Oxygen concentrators have recently gained popularity, and most individuals have no idea what they are or how to purchase one. To assist you, we will provide detailed instructions on everything you should consider when purchasing an oxygen concentrator so you can make a wise choice.
Oxygen purity is one of the crucial factors that you must look at first.
The lungs of a hypoxic person are unable to filter out 21% of the oxygen in the air. To ensure that blood obtains the oxygen it requires, he or she demands oxygen with a purity level of more than 90%.
At all flow rates, an ideal oxygen concentrator can supply oxygen with a purity level of above 90%. As a result, before you put your money down, double-check the specifications. Also, be cautious with adjustable purity oxygen concentrators, as the oxygen purity level declines dramatically when the flow rate is increased.
You must search for the following international approvals to ensure that you are receiving a high-quality product:
- US FDA approval means that specialists have studied the product and determined that the product’s advantages exceed its hazards. Purchasing an oxygen concentrator that has been approved by the FDA will ensure that it is safe to use at home.
- CE: This certification indicates that the product is safe for sale within the European Economic Area. Only when the oxygen concentrator meets all of the safety requirements then the experts provide a CE certificate. As a result of this clearance, its dependability and quality will be assured.
- If you’re planning a long vacation, ensure your portable oxygen concentrator is FAA authorized. The Federation Aviation Administration has given their approval for you to fly using your portable oxygen concentrator.
The doctor will prescribe oxygen therapy with flow rates ranging from low to high, depending on the severity of your condition.
In low-flow oxygen concentrators: a 3 LPM oxygen concentrator is recommended for people who are prescribed supplemental oxygen at a flow rate of 3 LPM or less. A 3 LPM model, however, is made by a small number of companies. As a result, a 5 LPM oxygen concentrator might be a better option.
Almost all models of portable oxygen concentrators can meet your requirements.
If your doctor has recommended oxygen therapy at a flow rate less than 5 LPM, a 5 LPM home oxygen concentrator or a portable oxygen concentrator with a pulse setting of 5-6 LPM would suffice.
However, most portable oxygen concentrators that offer it provide oxygen at a flow rate of less than 2 LPM. As a result, we recommend having a home oxygen concentrator on hand as a backup.
Patients with chronic respiratory disorders may be supplied oxygen at a flow rate of greater than 6 LPM. In such situations, a home oxygen concentrator with an output of 8 or 10 LPM will be the most trustworthy supply. There aren’t many firms that produce an 8 LPM model. The 10 LPM machine is the next closest option.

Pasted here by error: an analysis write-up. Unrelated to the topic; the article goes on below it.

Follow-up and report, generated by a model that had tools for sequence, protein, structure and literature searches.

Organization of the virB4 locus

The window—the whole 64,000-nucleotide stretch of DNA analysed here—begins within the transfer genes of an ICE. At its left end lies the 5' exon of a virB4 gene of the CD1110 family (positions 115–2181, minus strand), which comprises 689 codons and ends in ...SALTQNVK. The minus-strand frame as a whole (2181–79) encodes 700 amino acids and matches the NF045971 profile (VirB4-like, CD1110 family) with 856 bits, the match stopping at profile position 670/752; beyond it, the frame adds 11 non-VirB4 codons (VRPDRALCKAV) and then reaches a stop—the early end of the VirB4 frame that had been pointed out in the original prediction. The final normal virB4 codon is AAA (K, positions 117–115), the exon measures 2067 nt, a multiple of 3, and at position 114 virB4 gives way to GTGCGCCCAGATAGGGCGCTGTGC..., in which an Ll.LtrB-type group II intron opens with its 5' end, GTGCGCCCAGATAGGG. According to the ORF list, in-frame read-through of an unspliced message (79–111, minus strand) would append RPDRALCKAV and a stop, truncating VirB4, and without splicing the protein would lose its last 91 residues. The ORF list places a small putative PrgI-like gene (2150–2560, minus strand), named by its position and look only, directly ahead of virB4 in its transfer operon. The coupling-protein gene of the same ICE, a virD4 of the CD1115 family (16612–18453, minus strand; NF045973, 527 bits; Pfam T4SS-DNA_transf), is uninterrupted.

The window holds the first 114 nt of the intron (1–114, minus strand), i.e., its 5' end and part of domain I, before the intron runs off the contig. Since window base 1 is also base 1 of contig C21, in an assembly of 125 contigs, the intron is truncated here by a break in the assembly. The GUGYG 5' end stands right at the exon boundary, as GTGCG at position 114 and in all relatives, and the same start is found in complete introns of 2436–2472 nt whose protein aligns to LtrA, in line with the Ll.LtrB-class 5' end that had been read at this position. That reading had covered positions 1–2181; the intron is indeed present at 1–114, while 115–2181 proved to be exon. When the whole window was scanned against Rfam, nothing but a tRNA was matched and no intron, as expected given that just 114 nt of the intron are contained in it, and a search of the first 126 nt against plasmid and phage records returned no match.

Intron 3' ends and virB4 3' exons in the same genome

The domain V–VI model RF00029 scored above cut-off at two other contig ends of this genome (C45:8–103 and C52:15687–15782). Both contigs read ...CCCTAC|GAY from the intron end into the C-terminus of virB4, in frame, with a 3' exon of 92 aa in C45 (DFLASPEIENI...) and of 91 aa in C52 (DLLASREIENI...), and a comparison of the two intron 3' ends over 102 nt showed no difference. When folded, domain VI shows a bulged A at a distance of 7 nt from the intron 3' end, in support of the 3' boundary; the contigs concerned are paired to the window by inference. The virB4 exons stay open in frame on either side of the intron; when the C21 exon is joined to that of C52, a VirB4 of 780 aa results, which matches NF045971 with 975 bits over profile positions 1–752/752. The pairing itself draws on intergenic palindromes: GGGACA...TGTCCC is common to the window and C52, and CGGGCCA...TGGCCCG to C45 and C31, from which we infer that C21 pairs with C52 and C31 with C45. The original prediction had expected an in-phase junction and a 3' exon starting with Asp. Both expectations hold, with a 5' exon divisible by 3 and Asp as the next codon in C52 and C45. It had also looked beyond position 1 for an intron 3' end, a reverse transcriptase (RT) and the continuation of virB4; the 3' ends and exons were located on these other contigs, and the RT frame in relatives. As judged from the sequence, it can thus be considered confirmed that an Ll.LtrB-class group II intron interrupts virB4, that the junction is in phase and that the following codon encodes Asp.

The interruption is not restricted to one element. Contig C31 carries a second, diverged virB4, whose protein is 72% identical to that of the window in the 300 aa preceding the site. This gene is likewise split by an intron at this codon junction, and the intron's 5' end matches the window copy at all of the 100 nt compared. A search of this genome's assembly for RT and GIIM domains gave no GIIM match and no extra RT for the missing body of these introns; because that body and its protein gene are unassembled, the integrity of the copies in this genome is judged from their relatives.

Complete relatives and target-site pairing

However, the majority of portable oxygen concentrators are incapable of meeting high-flow demands. Sequal Eclipse 5 and Sequal Equinox are two versions that can provide oxygen at such high pulse settings. However, these concentrators have a number of disadvantages, including weight, a shorter lifespan, and so on, that must be considered.
Home oxygen concentrators require electricity. People who are on oxygen therapy for long periods of time may be concerned about their electricity bills. A 5 LPM home oxygen concentrator uses approximately 250-350 watts of power.
To be able to deliver oxygen at high flow rates, a 10 LPM machine’s compressor requires a lot of electricity. As a result, nearly all of the 10 LPM types need 600-700 W of power.
We believe that other requirements and features should not be overlooked merely because of these criteria. When choosing the next best option, there should be at least a 50-watt difference.
Finally, ensure the oxygen concentrator you choose has a low oxygen concentration alarm, commonly known as an Oxygen Purity Indicator.
It’s a safety feature that illuminates when the oxygen purity drops below 86 percent, indicating that the machine can’t give oxygen at a therapeutic level. If this indicator illuminates, double-check that there is sufficient space between the concentrator and the walls, as well as that the cannula is not blocked. If the light stays illuminated even after that, you’ll need to transfer the patient to an emergency backup and transport the equipment to a service center.
These were some of the tips from our side so we hope that it was a useful article for you. Stay tuned with us to know more about oxygen concentrators.